This has always struck as strange since it (a) reflects some distrust of not just departments but faculties (why can't an Econ prof do this job for a political science dissertation); and (b) indicates a poor understanding of oversight. Regarding the latter, I was in a room chock full of Plant Science people with a dissertation focusing on barley (hence the beer title), and I had no clue whether the person was doing good stuff or not, just that fungus on barley is bad and that resistance varies (is not futile!). So, if they had conspired to fool me about the quality of the work, I would have fallen for it. So, the oversight here is almost entirely symbolic. I found the process interesting but not exactly an efficient use of my time.
McGill has heaps of distrust/oversight issues that seem to provide more trouble than oversight. The Chair attends every dissertation defense in my department. Which means that the chair spends about 16-20 hours a year attending these things. Is that a worthwhile use of the Chair's time? Not so sure. I understand that delegation implies some risks that committees might conspire, that less qualified people might get through the process, but there is more than one way to engage in oversight. Instead of intensive police-patrol style, the university could rely upon fire alarm type oversight (yes, I sucked in this kool-aid while at UCSD despite never taking a class from the folks who pushed this view of stuff), where folks can report if they observe violations. That is, if violations are rare and not that dangerous, do we need a constant effort to monitor? Or can we just set up a system so that the alarm can ring when the rare violation takes place and is observed?
Despite my whining, I did enjoy the experience to see how similar/different the enterprise is in this area when compared with Political Science. Turns out their students pay as much attention to their conclusions as mine do, despite the fact that all students prepare for comprehensive exams by reading the intros and conclusions of other people's work. I was most interested in the big stylistic difference--these folks end their dissertations with their contributions to knowledge--a list of the major insights that are novel. Pretty funky, in a good way.
Anyhow, I am just glad there are PhD students out there working on ways to safeguard our supplies of
I have two problems with this.
First, I claim false advertising. I fully expected to be reading about a real beer adventure, not this nonsense about plant biology.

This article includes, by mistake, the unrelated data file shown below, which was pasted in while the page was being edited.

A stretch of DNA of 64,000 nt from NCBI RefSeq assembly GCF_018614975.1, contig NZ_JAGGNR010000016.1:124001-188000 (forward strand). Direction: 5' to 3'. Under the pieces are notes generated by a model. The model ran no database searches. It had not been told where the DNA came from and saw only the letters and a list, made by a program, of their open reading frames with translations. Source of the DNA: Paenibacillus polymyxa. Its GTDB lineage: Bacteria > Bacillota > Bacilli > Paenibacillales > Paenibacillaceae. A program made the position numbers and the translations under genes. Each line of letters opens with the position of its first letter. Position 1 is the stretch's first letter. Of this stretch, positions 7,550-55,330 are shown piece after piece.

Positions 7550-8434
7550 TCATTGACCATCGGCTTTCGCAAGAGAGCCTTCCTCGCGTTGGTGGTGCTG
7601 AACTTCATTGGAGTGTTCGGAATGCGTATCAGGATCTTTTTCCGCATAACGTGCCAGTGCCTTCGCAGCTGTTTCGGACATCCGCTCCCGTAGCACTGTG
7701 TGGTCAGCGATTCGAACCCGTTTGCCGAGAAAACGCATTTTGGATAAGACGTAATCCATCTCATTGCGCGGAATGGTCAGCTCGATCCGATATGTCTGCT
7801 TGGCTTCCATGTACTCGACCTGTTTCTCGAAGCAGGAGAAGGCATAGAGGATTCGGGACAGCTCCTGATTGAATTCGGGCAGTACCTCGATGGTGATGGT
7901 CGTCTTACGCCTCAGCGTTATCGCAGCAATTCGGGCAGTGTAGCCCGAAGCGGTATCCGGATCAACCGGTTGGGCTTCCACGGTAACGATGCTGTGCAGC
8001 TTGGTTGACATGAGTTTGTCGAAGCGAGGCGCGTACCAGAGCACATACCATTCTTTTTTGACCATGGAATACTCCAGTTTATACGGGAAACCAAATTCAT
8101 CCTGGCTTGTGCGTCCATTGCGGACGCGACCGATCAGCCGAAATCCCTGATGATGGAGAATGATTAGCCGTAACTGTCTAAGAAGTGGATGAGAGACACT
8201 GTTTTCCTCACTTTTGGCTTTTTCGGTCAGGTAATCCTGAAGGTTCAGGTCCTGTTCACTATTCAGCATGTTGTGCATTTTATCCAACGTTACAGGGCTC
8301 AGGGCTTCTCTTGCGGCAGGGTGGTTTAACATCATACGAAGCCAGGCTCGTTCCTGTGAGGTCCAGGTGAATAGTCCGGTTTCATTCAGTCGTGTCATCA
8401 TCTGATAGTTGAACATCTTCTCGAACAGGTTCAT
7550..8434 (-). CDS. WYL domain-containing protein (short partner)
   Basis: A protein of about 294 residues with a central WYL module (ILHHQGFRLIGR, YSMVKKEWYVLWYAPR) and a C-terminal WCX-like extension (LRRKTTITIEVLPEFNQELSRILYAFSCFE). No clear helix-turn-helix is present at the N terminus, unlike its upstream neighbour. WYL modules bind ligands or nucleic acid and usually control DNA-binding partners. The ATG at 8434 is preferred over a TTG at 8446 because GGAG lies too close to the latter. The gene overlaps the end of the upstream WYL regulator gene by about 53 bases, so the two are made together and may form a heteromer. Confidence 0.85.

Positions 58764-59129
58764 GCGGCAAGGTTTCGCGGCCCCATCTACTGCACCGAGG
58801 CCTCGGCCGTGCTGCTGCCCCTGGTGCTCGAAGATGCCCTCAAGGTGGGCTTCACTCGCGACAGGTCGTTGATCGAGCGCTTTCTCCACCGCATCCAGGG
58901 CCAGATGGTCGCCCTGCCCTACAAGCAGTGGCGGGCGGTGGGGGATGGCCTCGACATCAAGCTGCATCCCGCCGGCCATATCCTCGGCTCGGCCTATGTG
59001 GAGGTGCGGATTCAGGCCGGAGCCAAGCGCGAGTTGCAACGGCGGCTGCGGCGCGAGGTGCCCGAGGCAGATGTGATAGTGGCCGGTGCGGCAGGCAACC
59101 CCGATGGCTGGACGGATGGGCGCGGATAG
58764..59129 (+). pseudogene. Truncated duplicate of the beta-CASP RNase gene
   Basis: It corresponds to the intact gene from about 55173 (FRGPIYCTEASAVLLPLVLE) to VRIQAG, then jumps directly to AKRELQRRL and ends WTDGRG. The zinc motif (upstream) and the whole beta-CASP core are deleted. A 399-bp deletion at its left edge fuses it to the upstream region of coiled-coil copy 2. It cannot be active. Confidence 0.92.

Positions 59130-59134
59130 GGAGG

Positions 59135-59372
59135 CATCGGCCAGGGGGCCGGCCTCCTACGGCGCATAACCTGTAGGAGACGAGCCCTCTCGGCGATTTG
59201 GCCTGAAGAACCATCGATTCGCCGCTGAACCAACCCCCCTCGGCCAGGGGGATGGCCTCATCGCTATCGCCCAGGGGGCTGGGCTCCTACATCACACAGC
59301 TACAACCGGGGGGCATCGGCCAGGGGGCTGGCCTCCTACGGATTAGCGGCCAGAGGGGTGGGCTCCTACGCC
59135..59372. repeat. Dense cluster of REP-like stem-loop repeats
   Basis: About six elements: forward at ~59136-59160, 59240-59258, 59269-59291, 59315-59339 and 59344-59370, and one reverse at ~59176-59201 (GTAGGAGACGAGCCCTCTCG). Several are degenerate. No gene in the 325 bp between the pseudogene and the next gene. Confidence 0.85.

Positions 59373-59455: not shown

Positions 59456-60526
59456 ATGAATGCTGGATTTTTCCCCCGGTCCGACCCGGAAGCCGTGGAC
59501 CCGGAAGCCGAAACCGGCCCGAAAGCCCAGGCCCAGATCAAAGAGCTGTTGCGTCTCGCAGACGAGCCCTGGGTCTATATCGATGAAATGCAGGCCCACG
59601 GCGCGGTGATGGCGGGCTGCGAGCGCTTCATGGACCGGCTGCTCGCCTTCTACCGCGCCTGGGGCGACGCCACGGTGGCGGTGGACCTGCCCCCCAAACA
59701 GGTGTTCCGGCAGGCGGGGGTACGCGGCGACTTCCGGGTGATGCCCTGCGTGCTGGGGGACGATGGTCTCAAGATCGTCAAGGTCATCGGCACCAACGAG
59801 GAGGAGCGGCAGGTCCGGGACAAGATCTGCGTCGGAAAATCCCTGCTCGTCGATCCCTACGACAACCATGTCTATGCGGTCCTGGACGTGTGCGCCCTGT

Second, what would fire alarm oversight look like in this context? The conditions under which fire alarm oversight works best is when 3rd parties have some incentive to report inappropriate behavior or lousy outcomes. (Think about environmental groups who blow the whistle on the EPA bureaucrats when they are not doing their jobs the way liberal majorities in Congress intended). What is the analogue at McGill? I am pretty sure people like you would never pull the alarm. Not only are you not competent to know what bad work is in plant biology, but you also don't care (unlike the tree huggers in my example).
Out of curiosity, what are the procedures that you are supposed to follow if you decide that the person is doing bad plant biology? Do you have unit veto, or does the committee vote on whether the student gets a PhD? In your capacity as police patrol agent, what is your capacity?
Good questions, Mike.
As far as I can tell, my power was (a) to break ties; (b) manage the clock. The instructions really did not tell me what I should do if I saw a conspiracy.
Because these defenses are open to the public, a pro-dean is not really needed to make sure there is not something afoot. If someone was suspicious, they could attend and then fire off emails to the various admin types. Just like the media is the fire alarm for most domestic political things, right? This is what I get for dodging all American politics courses in my life, except for the ones I have had to teach.
So, did you have to teach these American courses cuz you are a foreigner in Canada? Or because the Texas legislature made you (and all your colleagues) do it?
The latter. Each Texas undergrad had to take two poli sci courses. We split the sequence: am/tex pol institutions and am/tex public policy. I did the latter and stacked the first part of the class with conceptual stuff that I knew (agenda-setting, implementation, etc).
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